Today, co-hosts Fortunus Games (a.k.a. Imelda) and Tete DePunk talk to artist and writer Carrie Knowles about her novel, “The Inevitable Past,” which I, TeteDepunk, and R.N. Roveleh have had the pleasure of reading.
Check out episodes 211, 212, and 213 for Carrie’s first appearances on this podcast, where she talked about writing fiction, writing non-fiction, and the link between visual art and writing, respectively.
Here’s Carrie’s bio: Carrie Knowles is a prolific award-winning author and arts advocate.
Along with her nine books, she has published short stories, newspaper and magazine articles, and received numerous awards for her writing.
She was named the North Carolina Piedmont Laureate for Short Fiction in 2014.
Carrie has published five novels: Lillian’s Garden, Ashoan’s Rug, A Garden Wall in Provence, The Inevitable Past, and A Musical Affair, as well as Black Tie Optional, a collection of 17 of her short stories. Her memoir: The Last Childhood: A Family Story of Alzheimer's, has been described as a “must read” for family members caring for a loved one with Alzheimer’s.
During her time as the 2014 Piedmont Laureate, conducting writing workshops across five counties in North Carolina, she wrote a writing workbook aimed at providing the basic tools a new writer would need to get started: A Self-Guided Workbook and Gentle Tour on Learning How to Write Stories from Start to Finish.
She writes a personal perspectives column for Psychology Today, Shifting Forward, and has recently published a collection of the first 50 stories from her column titled: Shifting Forward: Fifty Reflections on Everyday Life.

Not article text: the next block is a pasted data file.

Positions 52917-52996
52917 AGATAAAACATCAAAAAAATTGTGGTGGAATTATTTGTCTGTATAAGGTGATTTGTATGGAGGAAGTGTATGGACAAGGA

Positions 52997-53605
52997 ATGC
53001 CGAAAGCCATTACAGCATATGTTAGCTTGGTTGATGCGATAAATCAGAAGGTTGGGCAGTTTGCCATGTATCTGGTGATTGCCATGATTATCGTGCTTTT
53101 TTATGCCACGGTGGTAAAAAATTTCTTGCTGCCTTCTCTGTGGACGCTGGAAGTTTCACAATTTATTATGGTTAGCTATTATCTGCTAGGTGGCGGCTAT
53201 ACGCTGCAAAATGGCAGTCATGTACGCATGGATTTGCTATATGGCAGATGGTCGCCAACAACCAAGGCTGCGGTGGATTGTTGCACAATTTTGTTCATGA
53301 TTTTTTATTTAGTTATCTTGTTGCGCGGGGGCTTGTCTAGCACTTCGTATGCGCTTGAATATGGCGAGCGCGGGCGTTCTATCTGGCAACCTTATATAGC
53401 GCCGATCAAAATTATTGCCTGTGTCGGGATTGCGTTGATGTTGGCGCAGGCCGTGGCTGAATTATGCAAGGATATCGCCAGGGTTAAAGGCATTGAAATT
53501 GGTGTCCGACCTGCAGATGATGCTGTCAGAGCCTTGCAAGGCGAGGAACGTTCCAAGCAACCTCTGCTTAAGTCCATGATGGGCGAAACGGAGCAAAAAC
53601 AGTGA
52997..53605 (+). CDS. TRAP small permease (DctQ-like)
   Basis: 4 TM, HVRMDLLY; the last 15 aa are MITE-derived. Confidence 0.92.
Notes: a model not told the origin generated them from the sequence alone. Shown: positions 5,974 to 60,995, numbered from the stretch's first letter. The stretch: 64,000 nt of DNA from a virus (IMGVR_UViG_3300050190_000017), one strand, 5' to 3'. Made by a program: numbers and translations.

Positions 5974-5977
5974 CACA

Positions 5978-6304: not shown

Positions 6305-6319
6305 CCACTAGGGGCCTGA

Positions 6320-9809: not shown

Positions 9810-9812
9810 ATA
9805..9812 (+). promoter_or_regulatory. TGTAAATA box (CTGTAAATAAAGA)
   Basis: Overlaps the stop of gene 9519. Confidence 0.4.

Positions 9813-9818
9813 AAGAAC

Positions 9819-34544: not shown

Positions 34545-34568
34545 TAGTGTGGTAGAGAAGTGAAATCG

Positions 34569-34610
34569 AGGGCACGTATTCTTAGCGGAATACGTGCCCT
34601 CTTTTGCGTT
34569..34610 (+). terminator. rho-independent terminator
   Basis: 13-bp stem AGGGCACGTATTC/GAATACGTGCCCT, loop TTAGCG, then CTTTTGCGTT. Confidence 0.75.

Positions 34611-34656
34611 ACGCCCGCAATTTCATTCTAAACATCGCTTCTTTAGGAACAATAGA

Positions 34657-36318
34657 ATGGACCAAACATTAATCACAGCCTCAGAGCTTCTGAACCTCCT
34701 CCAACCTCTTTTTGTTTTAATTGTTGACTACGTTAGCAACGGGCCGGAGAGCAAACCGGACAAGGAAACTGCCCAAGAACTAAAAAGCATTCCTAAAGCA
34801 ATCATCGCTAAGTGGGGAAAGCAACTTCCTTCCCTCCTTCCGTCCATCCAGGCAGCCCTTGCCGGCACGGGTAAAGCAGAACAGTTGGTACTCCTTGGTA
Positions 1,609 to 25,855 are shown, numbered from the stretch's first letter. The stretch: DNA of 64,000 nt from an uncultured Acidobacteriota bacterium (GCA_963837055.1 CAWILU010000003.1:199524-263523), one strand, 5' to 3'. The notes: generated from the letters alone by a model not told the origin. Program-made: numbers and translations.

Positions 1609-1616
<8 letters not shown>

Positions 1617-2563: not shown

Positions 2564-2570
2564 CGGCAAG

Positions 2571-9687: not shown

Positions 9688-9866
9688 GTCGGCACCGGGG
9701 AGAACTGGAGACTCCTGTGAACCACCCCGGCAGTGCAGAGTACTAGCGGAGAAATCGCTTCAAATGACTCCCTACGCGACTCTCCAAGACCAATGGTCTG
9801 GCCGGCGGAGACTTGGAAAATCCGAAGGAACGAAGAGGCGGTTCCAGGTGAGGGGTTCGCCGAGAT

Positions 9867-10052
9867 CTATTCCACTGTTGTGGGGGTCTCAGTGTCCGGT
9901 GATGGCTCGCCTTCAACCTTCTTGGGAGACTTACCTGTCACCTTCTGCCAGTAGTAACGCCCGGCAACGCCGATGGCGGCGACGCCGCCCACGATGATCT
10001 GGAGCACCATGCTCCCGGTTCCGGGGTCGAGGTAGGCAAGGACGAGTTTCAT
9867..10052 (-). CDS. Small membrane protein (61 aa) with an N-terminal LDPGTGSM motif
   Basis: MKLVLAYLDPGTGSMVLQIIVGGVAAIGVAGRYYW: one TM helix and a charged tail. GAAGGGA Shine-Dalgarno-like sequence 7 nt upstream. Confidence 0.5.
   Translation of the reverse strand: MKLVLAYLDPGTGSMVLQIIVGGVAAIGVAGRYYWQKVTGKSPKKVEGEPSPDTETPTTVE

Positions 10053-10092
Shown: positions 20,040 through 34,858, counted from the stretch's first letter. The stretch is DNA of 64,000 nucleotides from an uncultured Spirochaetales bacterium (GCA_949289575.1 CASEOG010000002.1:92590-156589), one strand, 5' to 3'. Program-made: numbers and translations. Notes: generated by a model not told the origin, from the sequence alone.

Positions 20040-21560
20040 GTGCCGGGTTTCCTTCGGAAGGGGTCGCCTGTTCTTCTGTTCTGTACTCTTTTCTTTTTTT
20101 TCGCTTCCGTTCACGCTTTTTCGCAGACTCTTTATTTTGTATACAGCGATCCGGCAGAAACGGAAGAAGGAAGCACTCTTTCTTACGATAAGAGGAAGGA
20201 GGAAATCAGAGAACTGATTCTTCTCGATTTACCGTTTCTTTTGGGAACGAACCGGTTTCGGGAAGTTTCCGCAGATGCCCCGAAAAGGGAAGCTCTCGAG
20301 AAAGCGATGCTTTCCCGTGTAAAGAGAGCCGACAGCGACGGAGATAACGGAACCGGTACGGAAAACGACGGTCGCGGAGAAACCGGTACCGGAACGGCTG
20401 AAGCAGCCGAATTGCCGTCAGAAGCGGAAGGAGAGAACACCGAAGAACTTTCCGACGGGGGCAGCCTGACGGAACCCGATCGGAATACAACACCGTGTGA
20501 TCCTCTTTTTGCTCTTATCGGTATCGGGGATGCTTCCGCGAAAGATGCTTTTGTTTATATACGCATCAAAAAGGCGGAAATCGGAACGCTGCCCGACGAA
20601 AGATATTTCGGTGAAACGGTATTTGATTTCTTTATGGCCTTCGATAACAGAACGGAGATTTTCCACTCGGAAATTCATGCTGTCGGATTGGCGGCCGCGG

To learn more about Carrie, go to her website: www.cjanework.com
As for her novel, “The Inevitable Past,” which is the focus of this podcast, it was published in 2020 by Owl Canyon Press. It is a story of two women: a grandmother and a granddaughter who never knew her, and a timely look at women’s right to vote and have a voice. It challenges the notion of who we are and what compels us to make life-changing decisions.
Tete and I asked Carrie the following questions:
How did you develop a ghost as a strong interactive character? Most stories with ghosts are “ghost stories.”
How did we, the readers, feel about the grandmother’s ghost?
How was it like to publish a story that is out of the “normal” realm of what is popular in publishing today? Did it make it harder to pitch your work?
Balancing a multiple-perspective story can be daunting. Especially when working first-person POV. How did you tackle that challenge?
Tied in with the previous question: how would you advise writers, if they’re writing a multiple POV story, to keep each voice consistent? You did an amazing job keeping each voice of the granddaughter, the grandmother, and the Matron, respectively distinct from each other, yet unified these narratives into a complete story.
The pacing is well-balanced, too. How do you know when to focus on a chapter, and when to move on, for pacing?
What type of research did you have to do to create this story? When is it appropriate to research to incorporate historical facts into fiction?
Buy “The Inevitable Past” from Amazon: https://www.amazon.com/gp/product/B088JQYJ7G/ref=x_gr_bb_amazon?ie=UTF8&tag=x_gr_bb_amazon_ca-20&linkCode=as2&camp=15121&creative=330641
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